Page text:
Anticipated, upon completion and with the project serving as central catalyst, are the development of 350,000 to 400,000 square feet of new space for light manufacturing, assembly, warehouse, distribution and office, along with an estimated $35,000,000 in private investment, creation of a projected 350 new employment opportunities, and over $460,000 in additional tax revenue.
Currently, Mattapoisett is pursuing Economic Development Administration (EDA) and Massworks Infrastructure Program (MWIP) funding for the roadway portion of the project as well as other state sources for the shared use path. Total project costs are estimated at $3.6 million with construction, contingent on funding, expected to start in mid-April 2020.
With the recent kick-off of the
2020 Norton Master Plan,
SRPEDD is happy to announce that the agency has launched its seventh master planning initiative. The town of Norton now joins the communities of Berkley, Carver, Dartmouth, Lakeville, Marion, and Wareham, each of which is either currently partnering, or has recently completed work with SRPEDD on their own vitally important
In coming months, Raynham and North Attleborough are also shortly slated to be kicking off their respective Master Planning efforts with SRPEDD in 2020.
Why so much enthusiasm and interest in master planning these days? Well, matching grant funds from
DLTA and the Community Compact Cabinet
certainly don't hurt. But more than that, we think that SRPEDD's team-based, collaborative approach is also a key to the successful formula.
In fact, communities can think of SRPEDD staff as members of their own customized Master Plan team, each experienced and committed to making the entire process as easy and effective as possible. To this end, we gather and analyze information that is presented at a series of initial public workshops with local residents, business owners, and officials.
And it is then, based on our experience, that the effort really takes off.
Sure, the data is informative and presentations from SRPEDD staff can help set the table for substantive and meaningful discussion. But it is the participants from each community that are the true experts. In other words, we attend these events to learn from you - not the other way around. Your ideas, hopes, and aims for the future are what ultimately shape the Master Plan and its "Vision."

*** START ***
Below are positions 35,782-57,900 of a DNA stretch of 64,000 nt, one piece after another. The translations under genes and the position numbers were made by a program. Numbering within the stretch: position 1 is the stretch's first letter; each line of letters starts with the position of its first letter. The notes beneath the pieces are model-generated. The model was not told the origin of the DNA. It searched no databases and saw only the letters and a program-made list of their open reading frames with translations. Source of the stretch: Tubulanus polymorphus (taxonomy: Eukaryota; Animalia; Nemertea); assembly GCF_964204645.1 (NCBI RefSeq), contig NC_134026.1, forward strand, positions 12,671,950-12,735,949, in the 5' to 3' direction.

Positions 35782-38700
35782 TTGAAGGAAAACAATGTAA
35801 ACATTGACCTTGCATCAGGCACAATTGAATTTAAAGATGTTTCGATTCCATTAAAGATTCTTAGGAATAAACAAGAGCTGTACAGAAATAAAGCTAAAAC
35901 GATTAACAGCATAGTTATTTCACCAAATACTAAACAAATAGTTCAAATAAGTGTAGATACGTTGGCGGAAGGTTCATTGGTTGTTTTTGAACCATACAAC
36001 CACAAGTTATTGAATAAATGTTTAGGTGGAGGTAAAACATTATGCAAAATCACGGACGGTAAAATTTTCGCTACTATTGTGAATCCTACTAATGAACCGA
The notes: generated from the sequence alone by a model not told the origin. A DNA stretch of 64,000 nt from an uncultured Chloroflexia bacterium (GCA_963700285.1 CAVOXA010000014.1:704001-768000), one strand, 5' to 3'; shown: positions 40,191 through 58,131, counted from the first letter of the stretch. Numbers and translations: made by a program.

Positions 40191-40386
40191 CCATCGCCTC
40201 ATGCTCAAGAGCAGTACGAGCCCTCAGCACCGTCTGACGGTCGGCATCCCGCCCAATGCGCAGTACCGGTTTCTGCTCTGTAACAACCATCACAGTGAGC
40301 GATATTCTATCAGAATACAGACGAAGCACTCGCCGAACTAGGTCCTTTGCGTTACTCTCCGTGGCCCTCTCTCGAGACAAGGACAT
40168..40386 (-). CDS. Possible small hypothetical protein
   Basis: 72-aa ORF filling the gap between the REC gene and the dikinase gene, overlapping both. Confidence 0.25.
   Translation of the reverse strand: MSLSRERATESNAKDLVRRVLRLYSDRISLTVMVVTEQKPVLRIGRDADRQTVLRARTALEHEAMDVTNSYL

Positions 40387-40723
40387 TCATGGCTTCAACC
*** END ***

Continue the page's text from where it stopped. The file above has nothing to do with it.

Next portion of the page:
"Discovery" Workshop in Norton
is but one example of this type of information-gathering and momentum-building event, where Master Planning goes public, and where local champions emerge.
Next, after consensus is reached on your Master Plan's Vision, SRPEDD ensures, among other things, that the document will be user-friendly, beautifully designed, and ready to implement by the community. For example, most of our recent Master Plans include a handy "Implementation Guide" that almost reads
like a recipe. These Guides clearly outline every strategy needed to put the plan into action. They list responsible parties, necessary steps and resources, performance measures, and model success stories. In a way, they are your Master Plan "cheat sheet."
As we look to 2020 and beyond, we hope to continue Master Planning with and learning from all 27 communities in the SRPEDD region.
Only twenty more Master Plans to go!
SRPEDD's Bicycle and Pedestrian Program has recently acquired three new bicycle and pedestrian counters. The counters, manufactured by TRAFx, use infrared technology to collect volume counts for bicycles and pedestrians on bike paths, rail trails, separate use paths, informal beaten paths, and sidewalks. The counters are small in size, and can be easily and discreetly placed while gathering data throughout the region.
SRPEDD plans to use the data collected to better inform an array of planning needs. The data will assist in the analysis of bicycle and pedestrian infrastructure use and demand, including seasonal usage, and tracking trends over time. The data can be shared to assist communities with their data collection needs, as well as contribute to statewide and national data efforts. Finally, it can be utilized to evaluate the effectiveness of programs and facilities, and inform regional project decision making.
We are actively seeking pilot locations to extend our data collection efforts. If your community includes a bike path, rail trail, a separate use path, informal beaten paths or sidewalks you would like to have counted, we look forward to coordinating efforts to gather and share that data with you.
Please contact Jackie Jones at
for more information and to begin counting "wheels and heels" in your community!
SRPEDD Homeland Security Program Active Shooter Exercise
Preparing for the threat from an active shooter is a concern for schools, universities and communities across the country. And in that spirit of regional preparedness, 37 participants from 16 agencies and departments came together in August, 2019 at Bridgewater State University for a tabletop active shooter exercise.
Working closely with police, fire, and university staff, SRPEDD Homeland Security personnel helped design and direct an exercise to facilitate a discussion of tactics, protocol, and procedures when responding to an active shooter on campus. Other objectives of the exercise were to identify the strengths and areas of improvement of initial responders and mutual aid partners, and improve coordination and communication between agencies.
Throughout the four-hour exercise, many strengths were identified, including a strong unity of priorities during all phases of response, excellent cross discipline discussion and communications, and cooperation between agencies. Areas for improvement were also identified including a need for more detailed and robust dispatch policies and procedures, communications equipment, planning, and procedures, as well as further joint exercises and training.
A functional exercise is being scheduled for 2020.